Galway has been chosen as European Capital of Culture 2020 along with Rijeka, in Croatia, winning out over Limerick and the Three Sisters (Waterford, Wexford and Kilkenny).
Ireland’s tourism authority, Fáilte Ireland, welcomed the boost that this news would bring to the Wild Atlantic Way.
Head of Fáilte Ireland, Fiona Monaghan, said “I am sure that Galway will do us all proud. From a tourism perspective, the exposure from Galway holding the Capital of Culture title in 2020 will be good for the city and county - providing a further boost for the wider region and our popular Wild Atlantic Way brand.”
Here’s the moment the people of Galway heard the good news:
Galway will be the third Irish city to host the event, after Dublin in 1991 and Cork in 2005.
The criteria for being a city of culture means Galway must prepare a cultural program with a strong European dimension, which must have a long lasting impact and contribute to the development of the city. These projects are already underway in Galway.
Patricia Philbin, Project Manager Galway 2020 said “It is a huge honor and responsibility that we take very seriously. We have a wonderful program of extraordinary cultural projects planned…many of which are actually happening now. This fantastic nomination is due in no small part to people of Galway City and County who have backed the bid process with their ideas, energy and commitment.”
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Jane Daly, Programme Manager Galway 2020, said “We pay tribute to Galway’s vision, her innate creativity and Galway’s belief that this could happen. It is going to be extraordinary and we can’t wait to green light some truly monumental cultural projects that will get not just Europe but the whole world talking.”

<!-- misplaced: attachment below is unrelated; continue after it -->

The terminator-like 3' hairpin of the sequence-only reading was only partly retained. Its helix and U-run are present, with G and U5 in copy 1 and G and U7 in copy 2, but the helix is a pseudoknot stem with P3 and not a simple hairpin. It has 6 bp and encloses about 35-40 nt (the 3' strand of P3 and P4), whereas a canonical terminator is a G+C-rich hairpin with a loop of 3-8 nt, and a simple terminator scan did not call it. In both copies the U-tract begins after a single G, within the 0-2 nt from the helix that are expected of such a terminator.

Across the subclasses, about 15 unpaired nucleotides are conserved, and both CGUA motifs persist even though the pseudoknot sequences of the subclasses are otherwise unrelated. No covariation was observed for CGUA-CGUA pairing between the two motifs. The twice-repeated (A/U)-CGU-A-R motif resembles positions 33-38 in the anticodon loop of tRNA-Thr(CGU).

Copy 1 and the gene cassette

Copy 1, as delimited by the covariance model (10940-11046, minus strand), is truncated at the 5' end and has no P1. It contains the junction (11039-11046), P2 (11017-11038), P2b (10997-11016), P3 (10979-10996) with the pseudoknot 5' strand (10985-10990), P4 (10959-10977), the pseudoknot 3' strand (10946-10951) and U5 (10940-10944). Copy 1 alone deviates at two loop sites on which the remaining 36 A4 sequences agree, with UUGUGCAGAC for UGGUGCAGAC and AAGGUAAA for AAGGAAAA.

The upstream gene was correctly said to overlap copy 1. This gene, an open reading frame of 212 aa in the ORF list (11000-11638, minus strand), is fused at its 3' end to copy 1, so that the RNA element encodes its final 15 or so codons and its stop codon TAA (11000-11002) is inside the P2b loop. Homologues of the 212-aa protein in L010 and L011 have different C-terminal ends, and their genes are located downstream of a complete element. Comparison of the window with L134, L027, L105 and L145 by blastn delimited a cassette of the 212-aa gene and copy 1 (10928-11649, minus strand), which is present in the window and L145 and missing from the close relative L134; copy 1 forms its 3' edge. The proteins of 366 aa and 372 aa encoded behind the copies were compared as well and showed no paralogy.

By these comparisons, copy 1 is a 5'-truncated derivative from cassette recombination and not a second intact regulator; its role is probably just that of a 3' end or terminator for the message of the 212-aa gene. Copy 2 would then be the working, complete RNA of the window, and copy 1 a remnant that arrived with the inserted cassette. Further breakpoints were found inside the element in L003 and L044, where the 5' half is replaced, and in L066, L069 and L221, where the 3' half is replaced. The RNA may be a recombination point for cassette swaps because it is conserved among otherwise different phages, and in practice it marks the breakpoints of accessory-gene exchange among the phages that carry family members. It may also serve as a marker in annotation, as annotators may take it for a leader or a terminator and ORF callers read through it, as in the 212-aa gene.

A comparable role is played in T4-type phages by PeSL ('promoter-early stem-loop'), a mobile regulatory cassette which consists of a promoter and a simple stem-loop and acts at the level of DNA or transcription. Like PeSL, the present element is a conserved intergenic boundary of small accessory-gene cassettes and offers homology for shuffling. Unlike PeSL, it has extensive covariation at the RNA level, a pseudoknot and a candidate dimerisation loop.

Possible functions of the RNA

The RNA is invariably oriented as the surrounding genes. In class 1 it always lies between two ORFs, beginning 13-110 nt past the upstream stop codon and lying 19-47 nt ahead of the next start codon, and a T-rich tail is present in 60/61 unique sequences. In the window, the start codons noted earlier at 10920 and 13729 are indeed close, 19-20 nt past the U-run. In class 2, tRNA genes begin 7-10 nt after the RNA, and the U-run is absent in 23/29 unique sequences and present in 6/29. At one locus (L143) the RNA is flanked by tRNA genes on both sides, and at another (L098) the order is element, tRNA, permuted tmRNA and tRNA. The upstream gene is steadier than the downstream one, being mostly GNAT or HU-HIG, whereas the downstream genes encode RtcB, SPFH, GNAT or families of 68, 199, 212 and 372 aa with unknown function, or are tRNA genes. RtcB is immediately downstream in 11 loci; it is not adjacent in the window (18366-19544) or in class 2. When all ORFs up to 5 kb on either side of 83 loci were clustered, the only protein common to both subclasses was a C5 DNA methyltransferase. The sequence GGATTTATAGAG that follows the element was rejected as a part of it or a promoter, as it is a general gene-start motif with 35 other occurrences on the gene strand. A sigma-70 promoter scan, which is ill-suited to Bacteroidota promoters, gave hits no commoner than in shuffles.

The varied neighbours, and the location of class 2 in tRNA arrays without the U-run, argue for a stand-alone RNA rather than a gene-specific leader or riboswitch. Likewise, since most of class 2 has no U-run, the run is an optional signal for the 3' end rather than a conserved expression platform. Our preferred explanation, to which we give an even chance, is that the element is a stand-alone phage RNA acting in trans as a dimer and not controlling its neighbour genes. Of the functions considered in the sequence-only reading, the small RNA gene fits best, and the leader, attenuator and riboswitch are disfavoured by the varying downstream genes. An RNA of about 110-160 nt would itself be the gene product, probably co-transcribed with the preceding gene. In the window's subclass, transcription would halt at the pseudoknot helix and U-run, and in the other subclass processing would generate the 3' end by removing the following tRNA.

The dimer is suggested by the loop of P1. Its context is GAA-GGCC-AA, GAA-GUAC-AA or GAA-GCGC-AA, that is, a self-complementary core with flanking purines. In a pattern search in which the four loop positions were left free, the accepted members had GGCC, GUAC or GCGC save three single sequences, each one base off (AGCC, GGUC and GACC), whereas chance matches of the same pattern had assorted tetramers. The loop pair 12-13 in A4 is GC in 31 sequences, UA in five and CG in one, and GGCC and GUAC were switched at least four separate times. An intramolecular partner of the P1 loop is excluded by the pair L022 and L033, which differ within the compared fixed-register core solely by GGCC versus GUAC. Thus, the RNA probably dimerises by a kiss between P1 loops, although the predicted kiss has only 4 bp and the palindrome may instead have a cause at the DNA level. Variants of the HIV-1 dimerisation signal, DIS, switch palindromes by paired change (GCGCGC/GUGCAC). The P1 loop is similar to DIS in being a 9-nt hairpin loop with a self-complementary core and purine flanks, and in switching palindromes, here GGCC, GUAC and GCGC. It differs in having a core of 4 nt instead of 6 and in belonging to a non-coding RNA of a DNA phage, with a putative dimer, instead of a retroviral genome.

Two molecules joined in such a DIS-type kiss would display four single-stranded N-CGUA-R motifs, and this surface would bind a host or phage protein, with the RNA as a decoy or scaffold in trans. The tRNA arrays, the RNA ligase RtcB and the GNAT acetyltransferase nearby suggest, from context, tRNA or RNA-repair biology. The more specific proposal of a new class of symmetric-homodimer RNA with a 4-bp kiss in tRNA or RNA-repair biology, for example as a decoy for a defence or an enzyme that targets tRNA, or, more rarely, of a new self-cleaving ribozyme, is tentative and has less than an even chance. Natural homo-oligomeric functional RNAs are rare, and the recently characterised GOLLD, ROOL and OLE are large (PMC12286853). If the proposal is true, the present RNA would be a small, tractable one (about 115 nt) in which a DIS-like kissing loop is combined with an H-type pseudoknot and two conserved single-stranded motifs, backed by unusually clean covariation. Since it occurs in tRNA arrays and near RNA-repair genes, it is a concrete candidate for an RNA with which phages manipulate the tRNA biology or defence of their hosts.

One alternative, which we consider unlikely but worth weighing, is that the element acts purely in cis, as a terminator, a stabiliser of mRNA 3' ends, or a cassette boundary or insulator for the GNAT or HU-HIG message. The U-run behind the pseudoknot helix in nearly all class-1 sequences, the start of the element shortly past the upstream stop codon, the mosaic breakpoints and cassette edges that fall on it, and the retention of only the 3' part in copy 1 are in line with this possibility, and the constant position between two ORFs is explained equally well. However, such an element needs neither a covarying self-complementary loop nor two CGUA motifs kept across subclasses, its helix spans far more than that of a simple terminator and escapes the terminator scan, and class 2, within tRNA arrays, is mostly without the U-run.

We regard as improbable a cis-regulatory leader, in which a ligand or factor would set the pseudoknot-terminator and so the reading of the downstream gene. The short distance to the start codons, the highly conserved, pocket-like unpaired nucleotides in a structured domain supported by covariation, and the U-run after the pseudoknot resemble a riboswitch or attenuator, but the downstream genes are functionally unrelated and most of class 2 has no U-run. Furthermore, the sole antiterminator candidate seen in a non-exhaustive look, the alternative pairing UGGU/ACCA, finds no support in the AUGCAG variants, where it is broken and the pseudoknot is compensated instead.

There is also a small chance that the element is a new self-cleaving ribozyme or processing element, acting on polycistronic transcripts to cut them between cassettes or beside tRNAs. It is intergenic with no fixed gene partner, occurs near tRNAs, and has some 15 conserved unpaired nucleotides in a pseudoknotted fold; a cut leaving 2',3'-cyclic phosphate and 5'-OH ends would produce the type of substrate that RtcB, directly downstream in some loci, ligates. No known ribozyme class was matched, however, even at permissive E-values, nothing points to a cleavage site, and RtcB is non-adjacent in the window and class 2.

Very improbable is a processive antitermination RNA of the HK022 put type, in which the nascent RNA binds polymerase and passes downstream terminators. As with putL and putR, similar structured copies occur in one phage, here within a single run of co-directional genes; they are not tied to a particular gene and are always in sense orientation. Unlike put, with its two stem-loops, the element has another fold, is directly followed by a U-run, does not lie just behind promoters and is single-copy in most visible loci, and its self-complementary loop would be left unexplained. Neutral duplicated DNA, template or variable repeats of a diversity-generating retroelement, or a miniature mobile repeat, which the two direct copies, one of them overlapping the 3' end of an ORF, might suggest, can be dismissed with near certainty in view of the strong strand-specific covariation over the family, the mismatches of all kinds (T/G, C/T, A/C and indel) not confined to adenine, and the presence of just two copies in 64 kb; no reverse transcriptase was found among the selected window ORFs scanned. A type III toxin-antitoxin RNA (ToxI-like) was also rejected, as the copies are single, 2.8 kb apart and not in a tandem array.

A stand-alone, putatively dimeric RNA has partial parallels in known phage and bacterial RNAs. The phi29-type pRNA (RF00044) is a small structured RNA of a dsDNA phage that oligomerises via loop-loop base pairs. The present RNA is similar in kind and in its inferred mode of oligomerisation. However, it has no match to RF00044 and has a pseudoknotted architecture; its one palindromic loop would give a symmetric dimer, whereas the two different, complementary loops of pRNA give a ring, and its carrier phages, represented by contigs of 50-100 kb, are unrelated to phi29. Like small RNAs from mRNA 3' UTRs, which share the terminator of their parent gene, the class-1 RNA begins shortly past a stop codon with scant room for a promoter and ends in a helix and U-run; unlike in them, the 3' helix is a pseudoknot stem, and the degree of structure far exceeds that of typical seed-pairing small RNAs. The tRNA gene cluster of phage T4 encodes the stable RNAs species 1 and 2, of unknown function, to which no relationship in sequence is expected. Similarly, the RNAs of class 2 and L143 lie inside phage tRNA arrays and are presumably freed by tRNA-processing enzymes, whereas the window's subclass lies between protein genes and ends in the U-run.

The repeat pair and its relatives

This was one of their bid videos:
Speaking at the announcement, in the National Concert Hall, in Dublin, Minister for Arts, Heritage, Regional, Rural and Gaeltacht Affairs, Heather Humphreys said it would give the city “a wonderful opportunity to showcase its cultural richness.”
She said the award will bring the city “an unprecedented focus” at local, national and international level. “It will allow Galway and Ireland as a whole, to put our best cultural foot forward and promote the best of Irish creativity,” she said.
The theme for the Galway’s year as European City of Culture is Making Waves – Landscape, Language and Migration. The total budget will be $50.63 million (€45.75m).
Early this week Fáilte Ireland also announced funding of $1.244 million (€1.125m) announced for key Wild Atlantic Way projects in Galway and Kerry.
The Minister of State for Tourism and Sport Patrick announced the funding from Fáilte Ireland’s Capital Grants Allocation for 2016 for two key projects along the Wild Atlantic Way. A grant of €896k is being made available to Galway County Council for the Connemara Greenway and a grant of €225k is being allocated to the OPW towards Phase O’Donovan 1 of the development of new visitor facilities on the Great Blasket Island.
The grant for the development of the Connemara Greenway will fund a new section of the route from Cloonbeg to Athry, running adjacent to Ballynahinch Castle, with an estimated completion date in May 2017. This development is part of a wider plan for the Clifden to Oughterard Greenway that will link up with the planned Greenway from Galway City to Oughterard – ultimately resulting in a 78km Galway to Clifden Greenway offering a cycling experience of scale with international appeal for cycling enthusiasts.
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